Irwin D. Chusid – “Raymond Scott: 50 Years of Musical Mayhem”

December 6, 2009 at 8:39 pm (Music, Reviews & Articles)

This article by Irwin Chusid comes from the Raymond Scott website ( I don’t know when it was written or if it originally appeared somewhere else. 
Scott was an electronic pioneer in the world of cartoons & television commercials, among other things. His recordings still sound ahead of their time… 


You’ve heard his merry melodies underscoring the antics of Bugs, Daffy, Porky and Elmer countless times since your childhood. More recently, his eccentric recordings provided counterpoint to the body-fluid fetishism of The Ren & Stimpy Show. His musical themes echoed across national television during 1967 in the soundtracks of a short-lived cartoon series called Batfink. And in the 1990s, The Simpsons, Animaniacs, and Duckman have joined the cavalcade of animated programs whose ingredients included his work.

Now – would you be surprised to learn that Raymond Scott never wrote a note of music for a cartoon in his life? That, according to his wife, he never watched cartoons? Or that he may have been unaware that generations of video-glazed adolescents have been absent-mindedly humming his themes, which have been immortalized in a medium for which he probably cared little?

Scott’s hyperanimated instrumentals included “New Years Eve in a Haunted House,” “War Dance for Wooden Indians,” “Reckless Night on Board an Ocean Liner,” “Celebration on the Planet Mars,” and “Egyptian Barn Dance” – all of which evoke comic imagery. But Scott had more important things to do than synchronize his musical flavorings to the misadventures of a wascally wabbit, a crime-fighting bat, and a short-fused asthma hound Chihuahua. Those jobs were left to Carl Stalling, Winston Sharples, and John Kricfalusi, respectively.

1998 marked the 55th anniversary of the first Scott musical quote in a cartoon. His  “Dinner Music for a Pack of Hungry Cannibals”, originally recorded in 1937 by the Raymond Scott Quintette, was adapted by Warner Bros. Music Director Stalling in Greetings Bait, which was released May 15, 1943. (Directed by Friz Freleng, it was nominated for an Academy Award.) Thereafter, Merrie Melodies and Looney Tunes regularly rolled out of the factory tinted with generous splashes from Scotts musical palette.

Raymond Scott was born Harry Warnow, on September 10, 1908, in Brooklyn. He was a child prodigy at the piano and had a natural flair for science. For over a half-century, he led two lives: as a pianist / composer / bandleader, and as an engineer / inventor / electronic music pioneer. Having risen to prominence during the 1930s Swing Era, Scott kept pace with music technology and was composing on a homemade MIDI system as late as 1987. That year, he suffered the first of six strokes, which left him unable to work and severely damaged his ability to speak. (He died on February 8, 1994.)

From 1937 to 1939, Scott led a quirky, six-piece Quintette. Sporting a lineup of sax, clarinet, trumpet, drums, bass and piano, the Quintette was immensely popular on radio, on the concert stage, and in film. They were difficult to categorize, drawing on jazz, pop, classical, ethnic, and fourth-dimensional elements. Although the Quintette sold millions of 78s, they were not highly regarded by jazz purists, who dismissed their offerings as screwy, kittenish pseudo-jazz. (These 3-minute pop masterpieces, out of print for over 40 years, were reissued by Columbia in 1992 on The Music of Raymond Scott: Reckless Nights and Turkish Twilights; the compilation was produced by the author.)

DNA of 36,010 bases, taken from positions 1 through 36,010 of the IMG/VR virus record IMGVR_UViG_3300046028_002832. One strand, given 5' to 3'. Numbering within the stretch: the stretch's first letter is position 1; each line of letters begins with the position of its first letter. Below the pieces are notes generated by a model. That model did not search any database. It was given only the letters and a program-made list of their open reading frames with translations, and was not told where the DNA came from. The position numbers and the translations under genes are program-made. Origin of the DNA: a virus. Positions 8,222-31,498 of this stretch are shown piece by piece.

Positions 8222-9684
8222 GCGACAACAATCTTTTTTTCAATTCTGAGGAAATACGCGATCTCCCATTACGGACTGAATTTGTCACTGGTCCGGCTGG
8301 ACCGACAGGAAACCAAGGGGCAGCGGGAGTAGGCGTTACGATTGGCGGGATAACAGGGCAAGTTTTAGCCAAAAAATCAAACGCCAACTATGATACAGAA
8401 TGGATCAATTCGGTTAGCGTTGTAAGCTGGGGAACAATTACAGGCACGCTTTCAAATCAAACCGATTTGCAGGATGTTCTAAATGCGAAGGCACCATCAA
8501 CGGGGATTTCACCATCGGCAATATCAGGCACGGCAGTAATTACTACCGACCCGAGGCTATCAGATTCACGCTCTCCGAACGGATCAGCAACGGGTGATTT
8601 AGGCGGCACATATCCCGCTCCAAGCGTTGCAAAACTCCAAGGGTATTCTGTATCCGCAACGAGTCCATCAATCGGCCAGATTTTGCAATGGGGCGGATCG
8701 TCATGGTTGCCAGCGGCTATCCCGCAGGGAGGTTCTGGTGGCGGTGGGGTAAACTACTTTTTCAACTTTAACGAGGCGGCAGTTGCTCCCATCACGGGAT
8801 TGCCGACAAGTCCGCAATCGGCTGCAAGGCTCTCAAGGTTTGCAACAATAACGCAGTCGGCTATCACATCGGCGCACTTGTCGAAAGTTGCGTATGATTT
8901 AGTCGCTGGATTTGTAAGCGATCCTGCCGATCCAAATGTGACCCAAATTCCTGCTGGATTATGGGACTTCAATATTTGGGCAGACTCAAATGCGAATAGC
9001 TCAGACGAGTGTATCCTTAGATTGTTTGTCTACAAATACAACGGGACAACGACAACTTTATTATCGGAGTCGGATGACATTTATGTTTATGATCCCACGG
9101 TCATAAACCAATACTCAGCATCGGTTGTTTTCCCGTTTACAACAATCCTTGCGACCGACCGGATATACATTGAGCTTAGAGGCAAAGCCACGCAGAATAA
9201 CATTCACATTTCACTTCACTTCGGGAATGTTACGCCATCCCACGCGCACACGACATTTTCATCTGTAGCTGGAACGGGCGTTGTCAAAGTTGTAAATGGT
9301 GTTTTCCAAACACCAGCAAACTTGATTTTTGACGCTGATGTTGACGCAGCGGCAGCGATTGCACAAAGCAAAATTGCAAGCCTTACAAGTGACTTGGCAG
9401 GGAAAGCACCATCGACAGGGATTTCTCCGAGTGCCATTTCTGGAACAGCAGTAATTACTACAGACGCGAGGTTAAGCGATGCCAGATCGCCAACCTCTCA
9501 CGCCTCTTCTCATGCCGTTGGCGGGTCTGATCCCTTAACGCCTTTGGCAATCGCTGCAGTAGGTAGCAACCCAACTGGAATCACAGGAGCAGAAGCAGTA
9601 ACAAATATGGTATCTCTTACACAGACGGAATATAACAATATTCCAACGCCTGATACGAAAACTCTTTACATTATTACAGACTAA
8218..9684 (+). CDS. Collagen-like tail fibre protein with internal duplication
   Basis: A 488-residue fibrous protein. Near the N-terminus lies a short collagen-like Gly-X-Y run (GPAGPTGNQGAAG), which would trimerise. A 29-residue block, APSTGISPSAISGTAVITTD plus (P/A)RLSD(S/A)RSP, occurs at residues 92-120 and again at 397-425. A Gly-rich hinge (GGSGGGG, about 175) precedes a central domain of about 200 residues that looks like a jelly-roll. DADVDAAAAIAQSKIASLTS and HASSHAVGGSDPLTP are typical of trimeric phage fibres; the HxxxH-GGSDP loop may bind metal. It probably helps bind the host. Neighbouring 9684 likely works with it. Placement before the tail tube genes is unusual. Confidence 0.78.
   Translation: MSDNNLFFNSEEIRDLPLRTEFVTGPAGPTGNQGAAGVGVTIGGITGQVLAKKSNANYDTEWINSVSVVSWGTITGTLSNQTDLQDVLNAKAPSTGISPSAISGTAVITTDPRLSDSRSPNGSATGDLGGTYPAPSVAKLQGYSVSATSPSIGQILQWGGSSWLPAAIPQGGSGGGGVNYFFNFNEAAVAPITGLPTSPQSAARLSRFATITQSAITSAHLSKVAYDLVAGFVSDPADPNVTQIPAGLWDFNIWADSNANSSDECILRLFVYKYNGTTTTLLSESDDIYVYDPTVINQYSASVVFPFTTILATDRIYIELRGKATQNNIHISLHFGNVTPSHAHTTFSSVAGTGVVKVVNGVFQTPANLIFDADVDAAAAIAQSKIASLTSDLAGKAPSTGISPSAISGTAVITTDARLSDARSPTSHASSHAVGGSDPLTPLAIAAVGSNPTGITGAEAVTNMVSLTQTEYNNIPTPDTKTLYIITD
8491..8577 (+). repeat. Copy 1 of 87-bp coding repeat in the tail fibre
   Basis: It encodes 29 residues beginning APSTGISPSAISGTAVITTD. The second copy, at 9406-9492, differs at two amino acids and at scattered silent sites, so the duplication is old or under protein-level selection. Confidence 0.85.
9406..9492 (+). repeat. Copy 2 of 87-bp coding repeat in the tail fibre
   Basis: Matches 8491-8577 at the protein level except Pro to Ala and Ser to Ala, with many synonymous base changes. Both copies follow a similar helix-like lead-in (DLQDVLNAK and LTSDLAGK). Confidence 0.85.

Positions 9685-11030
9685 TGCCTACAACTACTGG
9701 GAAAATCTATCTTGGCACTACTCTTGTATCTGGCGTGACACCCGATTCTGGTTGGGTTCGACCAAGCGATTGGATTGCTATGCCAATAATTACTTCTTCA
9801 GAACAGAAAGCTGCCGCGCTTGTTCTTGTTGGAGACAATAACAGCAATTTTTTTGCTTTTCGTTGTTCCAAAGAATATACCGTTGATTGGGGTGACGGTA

In retrospect, Scotts ensemble embodied classic cartoon soundtrack fodder. Drummer Johnny Williams .38-caliber rimshots were guaranteed to make Yosemite Sam dance; his artillery included cowbells, tom-toms and wake-the-neighbors cymbal crashes. Muted horns (courtesy of Dave Wade) imitated toy trumpets, howling spooks and taxicabs. Scott’s idiosyncratic compositions toodled along at Keystone Kop tempos, interrupted by hairpin-turn rhythmic shifts and over-the-cliff dynamic spirals; his catchy melodies evoked Turkish casbahs, alpine echoes and oil gushers, typewriters, moon rockets and robots. One recent convert, Jennifer Harper, of the Washington Times, described it as, “music for mice that get hit in the head with an ironing board”. It certainly clobbered Stalling in a creative zone.

The most familiar and oft-used Scott tune was “Powerhouse,” which contains two distinct, unrelated passages: the first evokes a cat-chase-mouse melee; the second, a menacing assembly-line-gone-haywire. Both found their way into over 40 scores by Stalling and his successor, Milt Franklyn (who orchestrated many of Stallings earlier scores). “Powerhouse” weaves maniacally through “The Swooner Crooner,” makes five cameos in “It’s Hummer Time,” and surfaces in “Baby Bottleneck,” “Duck Dodgers in the 24-1/2 Century,” and “Falling Hare,” among others. Scott themes quoted in about 120 Warner productions include The Penguin, Twilight in Turkey, Huckleberry Duck, The Toy Trumpet, Siberian Sleighride, Reckless Night on Board an Ocean Liner, Singing Down the Road, and more.

Oddly, at the time of Scotts first stroke, his family – and the world at large – were unaware that Daffy and Bugs had been wreaking havoc to the tune of “Powerhouse” for decades, and that a dozen other Scott creations were genetically encoded in the culture. Mitzi Scott (his wife since 1967) insisted that Raymond never talked about the cartoons, and that he was seemingly indifferent to the fact that generation after generation of Looney Tunesters were being systematically brainwashed with his melodies. The deal in which Warner Bros. purchased Scotts publishing in 1943 seemed of little concern to Scott, who at the time was presiding over the CBS Radio Orchestra. Mitzi said that before his strokes, Raymond rarely watched television, and never, never watched cartoons. (The author attended a screening of WB shorts in early 1992 with Raymond’s first wife, Pearl, who was married to him from 1935 to 1950. Halfway through the program, she confided: I had no idea Raymond’s music was used in these cartoons.)